No, I didn’t mean Snot Days, but I bet it got your attention. I did mean Snow Days, like the ones you looked forward to as a school kid, not the ones that drove you to the grocery store as a parent to make sure you had bread and milk and toilet paper.
I mean days like today when the bitter cold and blowing snow keep you inside next to a fire if you have one or wrapped up in a blanket if you don’t. And maybe if you are like me, making soup or since I have made so much of it recently, making a crockpot dinner. See the recipe below. I so wish you could smell it right now.
But about the Snot/Snow Day thing – back when I was a kid and now as an adult, I always loved the thought that I could read on this day that I never expected to have free. And I have a stack of books to choose from, some to read and some to reread, especially the parts I have marked up.
Among the books in my stack, I am continuing to read READING FOR THE COMMON GOOD by C. Christopher Smith and the book opened today to chapter 5 “Reading With Our Neighbors.” I loved it because I knew immediately that this is what is happening in our church at Windham Summit. A whole bunch of us are tackling the read through the Bible in a year thing but reading it chronologically.
I had done this before and still had my copy, but when some of my friends from church were interested in joining us, we bought a bunch of used ones (in good condition) on Amazon for those who wanted to tackle it. Honestly, I was thrilled when the first stack of Bibles disappeared and we had to get more.
Now each evening, when I curl up to read, and mark up, my reading for the day, I think of all my friends from church who are doing the same thing. And though miles separate us, oh, the heart holds us together. I feel like our reading together not only encourages us to keep at it, but it is like a ribbon binding us into a beautiful gift – to God maybe.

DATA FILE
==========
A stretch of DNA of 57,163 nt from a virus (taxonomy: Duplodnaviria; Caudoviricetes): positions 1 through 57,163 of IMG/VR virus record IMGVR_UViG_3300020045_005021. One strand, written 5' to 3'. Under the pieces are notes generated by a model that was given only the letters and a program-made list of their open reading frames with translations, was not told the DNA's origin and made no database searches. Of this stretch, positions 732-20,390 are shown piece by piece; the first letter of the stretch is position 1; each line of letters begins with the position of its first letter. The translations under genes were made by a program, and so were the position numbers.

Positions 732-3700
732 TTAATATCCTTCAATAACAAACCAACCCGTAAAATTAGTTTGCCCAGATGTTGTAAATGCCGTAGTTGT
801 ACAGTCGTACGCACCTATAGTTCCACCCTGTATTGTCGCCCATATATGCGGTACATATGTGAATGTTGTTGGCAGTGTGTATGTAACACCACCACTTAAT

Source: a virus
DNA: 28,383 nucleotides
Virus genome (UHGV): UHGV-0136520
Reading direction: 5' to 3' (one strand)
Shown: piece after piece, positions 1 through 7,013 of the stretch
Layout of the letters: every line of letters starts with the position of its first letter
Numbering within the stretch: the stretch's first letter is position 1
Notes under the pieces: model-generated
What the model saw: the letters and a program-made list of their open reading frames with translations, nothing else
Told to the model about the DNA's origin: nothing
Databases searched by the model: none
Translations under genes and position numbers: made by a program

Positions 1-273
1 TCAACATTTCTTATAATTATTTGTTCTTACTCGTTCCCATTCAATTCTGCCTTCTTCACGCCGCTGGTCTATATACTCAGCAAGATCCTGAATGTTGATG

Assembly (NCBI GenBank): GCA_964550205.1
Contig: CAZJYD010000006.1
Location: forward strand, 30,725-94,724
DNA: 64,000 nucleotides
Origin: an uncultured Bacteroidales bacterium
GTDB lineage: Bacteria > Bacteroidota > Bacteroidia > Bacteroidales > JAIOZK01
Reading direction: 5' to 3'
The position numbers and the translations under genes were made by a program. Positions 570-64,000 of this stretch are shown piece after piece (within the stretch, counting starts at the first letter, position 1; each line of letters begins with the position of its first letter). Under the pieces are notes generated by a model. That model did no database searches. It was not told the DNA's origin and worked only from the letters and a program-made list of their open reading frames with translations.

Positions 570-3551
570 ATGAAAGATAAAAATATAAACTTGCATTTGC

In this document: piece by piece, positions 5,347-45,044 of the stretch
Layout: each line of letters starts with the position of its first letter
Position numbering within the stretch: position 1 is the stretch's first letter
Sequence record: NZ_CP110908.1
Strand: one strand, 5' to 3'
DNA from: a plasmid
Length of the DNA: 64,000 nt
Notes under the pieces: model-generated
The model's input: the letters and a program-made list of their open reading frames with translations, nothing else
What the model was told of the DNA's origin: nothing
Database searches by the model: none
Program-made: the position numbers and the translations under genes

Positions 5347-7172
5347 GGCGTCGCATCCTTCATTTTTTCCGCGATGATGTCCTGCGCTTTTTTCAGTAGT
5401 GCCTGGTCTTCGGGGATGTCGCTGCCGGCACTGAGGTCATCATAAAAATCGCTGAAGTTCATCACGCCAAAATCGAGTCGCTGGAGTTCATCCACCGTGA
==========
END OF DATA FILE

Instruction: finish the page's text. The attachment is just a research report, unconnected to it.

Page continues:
The heading for chapter 5 goes like this: In prayer and contemplation we begin to understand that our identity is not found in our differences from others – in our superiorities and inferiorities – but in our common humanity. Parker J. Palmer
And in our common faith, we are being pulled together as a church family and as one part of the Body of Christ.
Carol Brennan King
My chicken dinner for tonight
- Brown chicken (thighs today) in the cast iron skillet with some oil or left over, I mean purposefully saved, grease.
- Chop onions, carrots and celery and carmelize in the pan once the chicken is browned nicely.
- Stir in some thyme, salt and pepper, and I add some chicken bouillon cubes and water because you want to scrape all that goodness out of the pan and pour it all into the crockpot or just finish cooking it in the cast iron skillet covered.
- And I admit, I added a can of mushroom soup for sauce because I bought so many when they were so cheap at Thanksgiving.
- Later I will add cubed sweet potatoes, an hour or so before dinner.
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